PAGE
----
Welcome to ICv2’s newest feature, Shop Talk, a periodic round-up of comic and game store news coverage with the latest on stores opening, closing, changing, and their notable events. If you’re covered in local (or national) media and would like to see your store in this feature, send us a link at News@ICv2.com, with “Shop Talk” in the subject line.

Dragon’s Lair Comics & Fantasy in Houston, TX, saw a surge in business when the pandemic restrictions were eased. “When people started coming back out, it was with a vengeance,” co-owner Robert Prohl told Houston Life. “So, it soon became standing room only every night of the week. We were running out of room, and it became pretty evident that we needed to seek a larger space.” After leasing a new space, Prohl and his wife Christine ran into problems that delayed the opening of the new store, so they put out a call for help on social media. The community responded, helping the Prohls to finish the new space. The new store is 10,000 square feet, with a gaming space and a mural by local graffiti artist Manuel Castillo, and the Prohls plan to add an in-store cafe soon.

Sales of single-issue comics are up, supply-chain issues continue to plague retailers, and three distributors are better than one. Those are some of the comments Publishers Weekly heard in its annual overview of the direct market, which included a roundtable discussion by a panel of book and comics retailers that included Eitan Manhoff, owner of Cape & Cowl Comics in Oakland, CA; Jenn Haines, owner of The Dragon in Guelph, ONT; Ty Denton, manager of Austin Books & Comics in Austin, TX; Mitch Cutler, owner St. Mark’s Comics in Brooklyn, Doug Chase, a buyer at Powell’s City of Books in Portland, OR, and Liz Mason, manager of Quimby’s Bookstore in Chicago. The retailers also discussed the how some of the measures they took to get through the pandemic, such as switching to a new point of sale system and doing Facebook Live events, have helped to boost sales.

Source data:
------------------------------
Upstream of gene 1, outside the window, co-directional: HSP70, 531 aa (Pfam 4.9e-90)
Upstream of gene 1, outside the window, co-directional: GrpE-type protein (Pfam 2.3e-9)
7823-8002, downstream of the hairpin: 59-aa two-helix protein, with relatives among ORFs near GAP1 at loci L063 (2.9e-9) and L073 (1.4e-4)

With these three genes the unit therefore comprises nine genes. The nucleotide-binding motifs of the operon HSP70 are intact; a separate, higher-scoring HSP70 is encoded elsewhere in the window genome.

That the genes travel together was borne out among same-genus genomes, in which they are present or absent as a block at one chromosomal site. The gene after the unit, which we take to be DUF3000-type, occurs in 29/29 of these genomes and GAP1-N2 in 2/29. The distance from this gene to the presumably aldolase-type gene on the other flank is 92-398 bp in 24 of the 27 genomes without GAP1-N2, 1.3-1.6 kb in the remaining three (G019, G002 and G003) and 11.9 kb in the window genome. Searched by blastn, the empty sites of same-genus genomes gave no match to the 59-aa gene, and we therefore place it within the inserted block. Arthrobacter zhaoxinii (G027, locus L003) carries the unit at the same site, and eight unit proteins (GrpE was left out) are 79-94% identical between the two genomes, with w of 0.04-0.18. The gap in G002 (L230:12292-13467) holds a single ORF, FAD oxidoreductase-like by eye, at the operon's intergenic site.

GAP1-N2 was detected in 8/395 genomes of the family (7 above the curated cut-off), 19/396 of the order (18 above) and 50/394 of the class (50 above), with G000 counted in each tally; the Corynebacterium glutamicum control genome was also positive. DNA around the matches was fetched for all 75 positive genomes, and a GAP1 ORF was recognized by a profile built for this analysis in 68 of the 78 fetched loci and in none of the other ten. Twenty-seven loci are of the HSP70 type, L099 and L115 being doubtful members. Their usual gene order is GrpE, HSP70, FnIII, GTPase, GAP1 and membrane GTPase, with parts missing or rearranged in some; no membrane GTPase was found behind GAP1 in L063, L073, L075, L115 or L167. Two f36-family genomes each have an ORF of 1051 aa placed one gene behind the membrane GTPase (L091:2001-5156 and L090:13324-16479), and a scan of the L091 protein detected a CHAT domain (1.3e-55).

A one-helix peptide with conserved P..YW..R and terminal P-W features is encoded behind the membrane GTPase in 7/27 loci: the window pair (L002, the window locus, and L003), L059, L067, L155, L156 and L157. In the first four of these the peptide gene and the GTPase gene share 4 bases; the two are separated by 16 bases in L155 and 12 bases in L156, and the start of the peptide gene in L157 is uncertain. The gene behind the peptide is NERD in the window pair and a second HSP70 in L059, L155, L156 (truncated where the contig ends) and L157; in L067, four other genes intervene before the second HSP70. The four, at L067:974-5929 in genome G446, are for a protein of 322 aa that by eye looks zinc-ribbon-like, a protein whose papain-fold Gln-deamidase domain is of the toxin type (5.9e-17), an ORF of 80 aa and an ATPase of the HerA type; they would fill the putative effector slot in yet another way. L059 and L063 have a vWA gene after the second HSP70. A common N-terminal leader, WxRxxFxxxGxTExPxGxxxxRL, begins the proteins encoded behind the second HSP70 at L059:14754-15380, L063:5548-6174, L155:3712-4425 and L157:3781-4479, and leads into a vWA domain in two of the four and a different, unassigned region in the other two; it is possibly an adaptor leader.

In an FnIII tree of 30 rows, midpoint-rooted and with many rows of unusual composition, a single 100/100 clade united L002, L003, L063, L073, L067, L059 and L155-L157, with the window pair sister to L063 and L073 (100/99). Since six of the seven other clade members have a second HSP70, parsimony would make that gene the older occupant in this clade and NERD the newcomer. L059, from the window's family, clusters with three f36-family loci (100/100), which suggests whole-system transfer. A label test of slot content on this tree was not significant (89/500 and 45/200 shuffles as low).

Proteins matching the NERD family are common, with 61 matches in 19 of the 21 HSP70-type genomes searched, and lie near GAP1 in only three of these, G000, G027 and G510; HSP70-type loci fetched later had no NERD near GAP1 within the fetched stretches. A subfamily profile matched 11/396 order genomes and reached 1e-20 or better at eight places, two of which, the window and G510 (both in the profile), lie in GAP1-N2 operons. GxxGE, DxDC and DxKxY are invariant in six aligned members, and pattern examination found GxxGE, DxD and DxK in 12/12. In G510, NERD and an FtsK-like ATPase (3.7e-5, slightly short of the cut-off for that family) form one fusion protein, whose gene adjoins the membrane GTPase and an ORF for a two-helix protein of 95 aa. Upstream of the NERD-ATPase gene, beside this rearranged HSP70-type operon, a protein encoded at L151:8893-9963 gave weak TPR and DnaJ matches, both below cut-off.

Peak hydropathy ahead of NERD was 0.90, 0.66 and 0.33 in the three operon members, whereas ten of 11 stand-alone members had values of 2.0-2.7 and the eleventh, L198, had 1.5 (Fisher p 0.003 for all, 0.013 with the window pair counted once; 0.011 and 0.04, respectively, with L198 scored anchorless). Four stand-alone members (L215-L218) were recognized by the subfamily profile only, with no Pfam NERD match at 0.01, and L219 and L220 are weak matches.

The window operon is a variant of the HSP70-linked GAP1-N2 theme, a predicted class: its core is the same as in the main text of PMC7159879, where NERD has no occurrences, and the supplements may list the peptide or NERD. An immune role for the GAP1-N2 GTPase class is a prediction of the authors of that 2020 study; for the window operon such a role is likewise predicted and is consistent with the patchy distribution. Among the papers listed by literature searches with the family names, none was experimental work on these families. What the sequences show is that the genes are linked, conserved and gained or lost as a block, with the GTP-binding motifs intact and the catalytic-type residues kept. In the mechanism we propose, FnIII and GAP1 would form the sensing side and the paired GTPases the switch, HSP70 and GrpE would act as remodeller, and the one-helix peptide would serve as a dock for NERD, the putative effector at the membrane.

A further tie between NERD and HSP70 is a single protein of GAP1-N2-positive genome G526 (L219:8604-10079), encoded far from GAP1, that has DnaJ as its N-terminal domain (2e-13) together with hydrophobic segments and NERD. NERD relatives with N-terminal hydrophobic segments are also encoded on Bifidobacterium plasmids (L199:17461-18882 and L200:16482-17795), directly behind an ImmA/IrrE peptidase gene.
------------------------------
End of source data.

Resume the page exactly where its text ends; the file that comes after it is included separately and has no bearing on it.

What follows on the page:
Pocono Update covered the grand opening of Lost Eden Comics, in Tobyhanna, PA. “The end goal of this is to not only have a place to sell pop culture stuff but also have it be a haven, a place for people with similar interests to hang out, talk, chill, and hang out with each other, maybe further down the line we will get some events going,” said co-owner Steven Little. “Video game tournaments, smash tournaments, whatever we can get our hands on.”

The Dundee, Scotland, comic shop Big Dog Books has closed its doors, a casualty of the COVID-19 pandemic, according to the Daily Record. “We have tried as hard as we could to keep going, but the world post-pandemic has just made it impossible to continue,” owner Stuart Kane said on Facebook. “Continued covid interruptions, shipping delays, soaring costs, physical products moving to digital platforms, companies that once supported local game stores moving to direct sales, the rising cost of living and other political issues... the list goes on...”

Quick Picks:

Travis and Heather Gooch recently opened Nerd It Up, a comic and game shop in Gerald, MO, that is designed to be a safe space for nerdy kids, according to emissourian.com. The brick-and-mortar store offers $1 comics and free plays on classic video games, and it also serves as a showroom for the Gooch’s online comics business.

New Jersey Governor Phil Murphy paid a visit to Montclair’s East Side Mags, the Montclair Patch reports, to draw attention to the state’s Main Street Recovery Program, which provided over $40,000 in economic development grants to the comic and game store.

The Nation profiles Red Planet, a Native American-run comic shop in Albuquerque, NM, right off Route 66.

Veteran comics reporter George Gene Gustines visited 30 comic shops in every borough of New York City for the New York Times.

Hamooda Shami’s comic shop Paper Tiger, in Richmond, VA, will focus on graded collectible comics and will present them in a gallery-like setting, according to RichmondBizSense.